Ab Initio Theoretical Study of Phonons in Metals and Alloys under Extreme High-P,T Conditions
Supervisors: Professor Paul McMillan & Dr Furio Cora
This project will use advanced ab initio simulation techniques to study phonons in selected metals and alloys as a function of pressure and temperature in order to rationalise and predict their thermophysical behaviour, as well as phase transitions including melting. The systems to be studied will be chosen to match parallel experimental investigations being carried within the ISP at UCL using diamond anvil cell techniques. They will include important hexagonal and cubic metallic structures Sn, Pb, Ti, Ta and Ti-Al-V alloys for which accurate and reliable thermodynamic data are needed for future modelling and simulation studies.
Ab initio calculations will be carried out using established density functional (DFT) theoretical techniques including plane wave and ultrasoft pseudopotential methods and first principles molecular dynamics (MD). The main goals of the proposed PhD project will be to study the pressure dependence of the phonon density of states and vibrational anharmonicity, to help interpret, complement and extrapolate newly obtained experimental results, and to extract useful therodynamic parameters that can link static vs shock studies and provide input data for large-scale materials properties simulations.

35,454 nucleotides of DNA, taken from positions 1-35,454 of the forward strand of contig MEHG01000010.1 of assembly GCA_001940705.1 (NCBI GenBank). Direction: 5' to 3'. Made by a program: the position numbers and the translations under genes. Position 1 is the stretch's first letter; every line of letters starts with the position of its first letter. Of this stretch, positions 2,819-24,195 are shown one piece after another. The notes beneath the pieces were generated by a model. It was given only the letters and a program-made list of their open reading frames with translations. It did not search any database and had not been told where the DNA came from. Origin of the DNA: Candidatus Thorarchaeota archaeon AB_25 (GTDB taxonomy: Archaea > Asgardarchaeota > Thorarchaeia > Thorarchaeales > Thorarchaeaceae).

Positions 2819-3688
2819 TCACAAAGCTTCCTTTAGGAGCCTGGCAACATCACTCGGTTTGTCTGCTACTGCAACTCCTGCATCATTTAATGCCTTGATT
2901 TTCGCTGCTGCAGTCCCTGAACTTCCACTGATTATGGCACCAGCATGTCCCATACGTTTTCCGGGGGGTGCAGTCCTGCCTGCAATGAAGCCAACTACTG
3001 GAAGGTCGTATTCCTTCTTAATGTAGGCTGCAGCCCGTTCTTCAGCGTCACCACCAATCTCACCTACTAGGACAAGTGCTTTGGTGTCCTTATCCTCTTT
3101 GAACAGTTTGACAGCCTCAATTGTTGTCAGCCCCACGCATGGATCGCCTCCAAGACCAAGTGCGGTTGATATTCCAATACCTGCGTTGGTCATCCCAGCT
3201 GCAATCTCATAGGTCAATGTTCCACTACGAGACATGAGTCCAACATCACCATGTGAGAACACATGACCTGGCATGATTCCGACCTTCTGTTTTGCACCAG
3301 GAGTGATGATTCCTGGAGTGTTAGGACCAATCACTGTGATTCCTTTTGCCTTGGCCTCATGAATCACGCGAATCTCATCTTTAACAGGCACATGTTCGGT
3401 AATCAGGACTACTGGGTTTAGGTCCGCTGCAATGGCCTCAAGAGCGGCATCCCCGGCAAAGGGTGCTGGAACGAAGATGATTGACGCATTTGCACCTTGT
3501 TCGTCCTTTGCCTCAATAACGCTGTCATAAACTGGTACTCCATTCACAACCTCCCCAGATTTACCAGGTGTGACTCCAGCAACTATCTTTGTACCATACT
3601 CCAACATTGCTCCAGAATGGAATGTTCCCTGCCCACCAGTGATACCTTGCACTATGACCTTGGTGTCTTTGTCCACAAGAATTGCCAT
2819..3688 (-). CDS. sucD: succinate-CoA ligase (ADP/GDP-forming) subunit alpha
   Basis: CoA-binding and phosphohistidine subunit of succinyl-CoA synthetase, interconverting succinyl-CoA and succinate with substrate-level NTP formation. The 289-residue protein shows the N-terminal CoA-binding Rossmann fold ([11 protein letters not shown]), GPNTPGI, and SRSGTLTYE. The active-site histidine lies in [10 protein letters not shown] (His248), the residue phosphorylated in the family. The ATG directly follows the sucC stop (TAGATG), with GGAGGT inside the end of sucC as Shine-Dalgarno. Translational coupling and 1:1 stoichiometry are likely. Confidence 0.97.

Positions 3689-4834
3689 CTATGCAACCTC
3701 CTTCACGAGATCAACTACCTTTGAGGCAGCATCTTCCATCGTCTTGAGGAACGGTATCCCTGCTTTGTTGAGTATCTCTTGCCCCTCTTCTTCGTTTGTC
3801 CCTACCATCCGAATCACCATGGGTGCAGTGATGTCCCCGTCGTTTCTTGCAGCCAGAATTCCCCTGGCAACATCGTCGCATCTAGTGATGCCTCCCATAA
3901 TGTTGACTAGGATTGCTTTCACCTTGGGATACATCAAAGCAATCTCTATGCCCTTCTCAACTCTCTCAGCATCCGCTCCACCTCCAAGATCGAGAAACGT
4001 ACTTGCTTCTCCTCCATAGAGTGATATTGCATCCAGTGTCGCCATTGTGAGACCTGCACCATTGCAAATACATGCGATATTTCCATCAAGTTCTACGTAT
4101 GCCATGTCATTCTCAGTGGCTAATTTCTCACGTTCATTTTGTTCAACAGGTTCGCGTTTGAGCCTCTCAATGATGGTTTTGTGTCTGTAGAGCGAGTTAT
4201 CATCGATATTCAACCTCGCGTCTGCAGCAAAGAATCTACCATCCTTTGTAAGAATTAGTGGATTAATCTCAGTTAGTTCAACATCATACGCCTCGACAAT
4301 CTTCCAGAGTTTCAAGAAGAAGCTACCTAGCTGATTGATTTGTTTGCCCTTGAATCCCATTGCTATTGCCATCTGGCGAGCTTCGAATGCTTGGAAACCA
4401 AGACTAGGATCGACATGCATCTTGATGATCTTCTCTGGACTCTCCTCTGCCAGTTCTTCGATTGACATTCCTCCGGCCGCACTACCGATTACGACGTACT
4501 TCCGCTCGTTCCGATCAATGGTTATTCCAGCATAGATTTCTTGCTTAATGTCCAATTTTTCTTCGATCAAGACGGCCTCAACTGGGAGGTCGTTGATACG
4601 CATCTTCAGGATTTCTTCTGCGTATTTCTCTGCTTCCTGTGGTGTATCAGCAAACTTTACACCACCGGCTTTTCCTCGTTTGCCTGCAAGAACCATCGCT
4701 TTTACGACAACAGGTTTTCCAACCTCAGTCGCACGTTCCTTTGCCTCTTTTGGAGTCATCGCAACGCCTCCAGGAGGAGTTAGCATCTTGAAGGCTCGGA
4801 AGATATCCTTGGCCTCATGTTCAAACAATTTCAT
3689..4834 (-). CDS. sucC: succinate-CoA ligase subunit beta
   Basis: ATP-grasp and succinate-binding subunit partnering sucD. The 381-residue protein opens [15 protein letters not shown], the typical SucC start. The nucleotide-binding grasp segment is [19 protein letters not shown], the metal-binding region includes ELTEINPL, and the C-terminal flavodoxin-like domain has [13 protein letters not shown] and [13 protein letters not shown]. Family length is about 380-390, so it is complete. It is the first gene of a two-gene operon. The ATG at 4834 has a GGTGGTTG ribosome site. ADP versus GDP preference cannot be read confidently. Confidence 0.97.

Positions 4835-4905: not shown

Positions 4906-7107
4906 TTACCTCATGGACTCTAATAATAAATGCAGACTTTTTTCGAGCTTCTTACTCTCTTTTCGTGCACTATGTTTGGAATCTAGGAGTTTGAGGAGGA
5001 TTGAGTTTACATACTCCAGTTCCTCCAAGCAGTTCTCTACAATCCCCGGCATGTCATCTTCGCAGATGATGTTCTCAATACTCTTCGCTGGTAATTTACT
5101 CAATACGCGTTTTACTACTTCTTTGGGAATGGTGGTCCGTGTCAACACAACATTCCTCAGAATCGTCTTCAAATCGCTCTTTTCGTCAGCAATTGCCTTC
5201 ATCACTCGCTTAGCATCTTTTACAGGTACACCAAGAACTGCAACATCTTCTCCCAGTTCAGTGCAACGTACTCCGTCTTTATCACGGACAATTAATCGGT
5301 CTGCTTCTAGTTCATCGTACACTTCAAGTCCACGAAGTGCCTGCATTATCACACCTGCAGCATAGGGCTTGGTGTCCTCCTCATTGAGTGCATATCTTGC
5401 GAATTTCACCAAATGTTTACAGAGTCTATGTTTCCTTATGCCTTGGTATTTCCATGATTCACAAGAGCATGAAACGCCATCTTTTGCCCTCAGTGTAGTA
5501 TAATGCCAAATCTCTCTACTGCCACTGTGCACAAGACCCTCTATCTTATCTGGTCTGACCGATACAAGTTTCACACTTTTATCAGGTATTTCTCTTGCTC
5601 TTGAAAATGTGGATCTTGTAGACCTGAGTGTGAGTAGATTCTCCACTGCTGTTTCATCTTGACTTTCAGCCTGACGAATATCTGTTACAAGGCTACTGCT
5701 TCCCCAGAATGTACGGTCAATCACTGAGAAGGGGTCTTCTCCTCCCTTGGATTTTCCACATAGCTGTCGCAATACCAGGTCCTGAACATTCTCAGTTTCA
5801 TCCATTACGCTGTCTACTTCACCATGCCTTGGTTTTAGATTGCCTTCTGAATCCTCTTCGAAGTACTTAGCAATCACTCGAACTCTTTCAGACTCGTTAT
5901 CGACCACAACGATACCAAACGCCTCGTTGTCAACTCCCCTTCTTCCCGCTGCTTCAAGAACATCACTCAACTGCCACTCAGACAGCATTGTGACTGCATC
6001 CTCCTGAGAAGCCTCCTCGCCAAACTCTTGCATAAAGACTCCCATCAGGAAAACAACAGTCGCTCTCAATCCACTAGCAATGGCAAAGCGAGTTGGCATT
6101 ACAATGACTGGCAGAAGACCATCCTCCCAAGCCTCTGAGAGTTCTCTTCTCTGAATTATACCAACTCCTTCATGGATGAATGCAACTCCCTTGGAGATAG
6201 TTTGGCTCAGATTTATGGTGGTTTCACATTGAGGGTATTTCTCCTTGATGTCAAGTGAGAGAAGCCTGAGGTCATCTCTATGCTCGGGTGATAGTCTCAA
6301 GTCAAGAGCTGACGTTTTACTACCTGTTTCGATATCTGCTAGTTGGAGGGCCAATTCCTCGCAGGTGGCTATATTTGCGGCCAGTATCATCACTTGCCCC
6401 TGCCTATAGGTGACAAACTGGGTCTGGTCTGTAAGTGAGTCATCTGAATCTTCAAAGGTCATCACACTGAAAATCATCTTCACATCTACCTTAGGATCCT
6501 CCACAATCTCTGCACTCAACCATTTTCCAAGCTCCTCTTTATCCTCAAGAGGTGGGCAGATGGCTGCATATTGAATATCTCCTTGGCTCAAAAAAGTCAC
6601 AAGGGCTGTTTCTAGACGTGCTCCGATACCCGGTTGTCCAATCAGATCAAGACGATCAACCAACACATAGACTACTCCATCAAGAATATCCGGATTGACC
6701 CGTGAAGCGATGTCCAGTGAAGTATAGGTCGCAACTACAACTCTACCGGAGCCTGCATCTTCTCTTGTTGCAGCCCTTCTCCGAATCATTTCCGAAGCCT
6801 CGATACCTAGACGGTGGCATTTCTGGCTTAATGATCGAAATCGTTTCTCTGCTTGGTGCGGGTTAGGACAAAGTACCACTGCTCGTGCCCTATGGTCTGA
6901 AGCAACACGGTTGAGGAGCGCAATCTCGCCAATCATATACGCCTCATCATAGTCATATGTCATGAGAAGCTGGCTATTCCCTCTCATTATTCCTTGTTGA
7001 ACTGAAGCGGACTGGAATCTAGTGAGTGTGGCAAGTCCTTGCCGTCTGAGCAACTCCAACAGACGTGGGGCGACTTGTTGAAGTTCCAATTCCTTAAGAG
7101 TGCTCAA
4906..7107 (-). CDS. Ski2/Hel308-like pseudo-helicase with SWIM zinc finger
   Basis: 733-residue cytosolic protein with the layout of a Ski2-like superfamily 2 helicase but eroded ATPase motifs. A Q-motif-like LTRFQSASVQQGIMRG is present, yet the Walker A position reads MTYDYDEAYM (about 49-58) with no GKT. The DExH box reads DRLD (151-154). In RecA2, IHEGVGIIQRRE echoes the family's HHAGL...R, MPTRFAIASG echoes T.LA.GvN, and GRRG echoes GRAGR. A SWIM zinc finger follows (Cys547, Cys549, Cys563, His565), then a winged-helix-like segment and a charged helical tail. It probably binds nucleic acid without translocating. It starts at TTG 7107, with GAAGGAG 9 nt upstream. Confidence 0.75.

Experimental studies examine hcp metals like Sn and Ti that exhibit Raman active modes at the Brillouin zone (BZ) centre. The ab initio calculations will provide information on the full vibrational density of states (VDOS) at high pressure, with useful calibrations and checks provided by the experimental data. The calculated VDOS and phonon dispersion relations will then be used to derive important properties such as the heat capacity, entropy and thermal conductivity under high P conditions.
Later experiments will focus on cubic metals that normally have no first order Raman spectrum. However it is observed that formation of disordered cubic alloys (including TiAlxVy) results in 'activation' of the VDOS throughout the BZ that can be studied using Raman spectroscopy, and these can be measured to magabar pressures in the diamond anvil cell. However we must have ab initiopredictions of the VDOS to interpret, validate and complete the experimental results and derive the thermodynamic parameters. That will be a goal of the theoretical PhD project.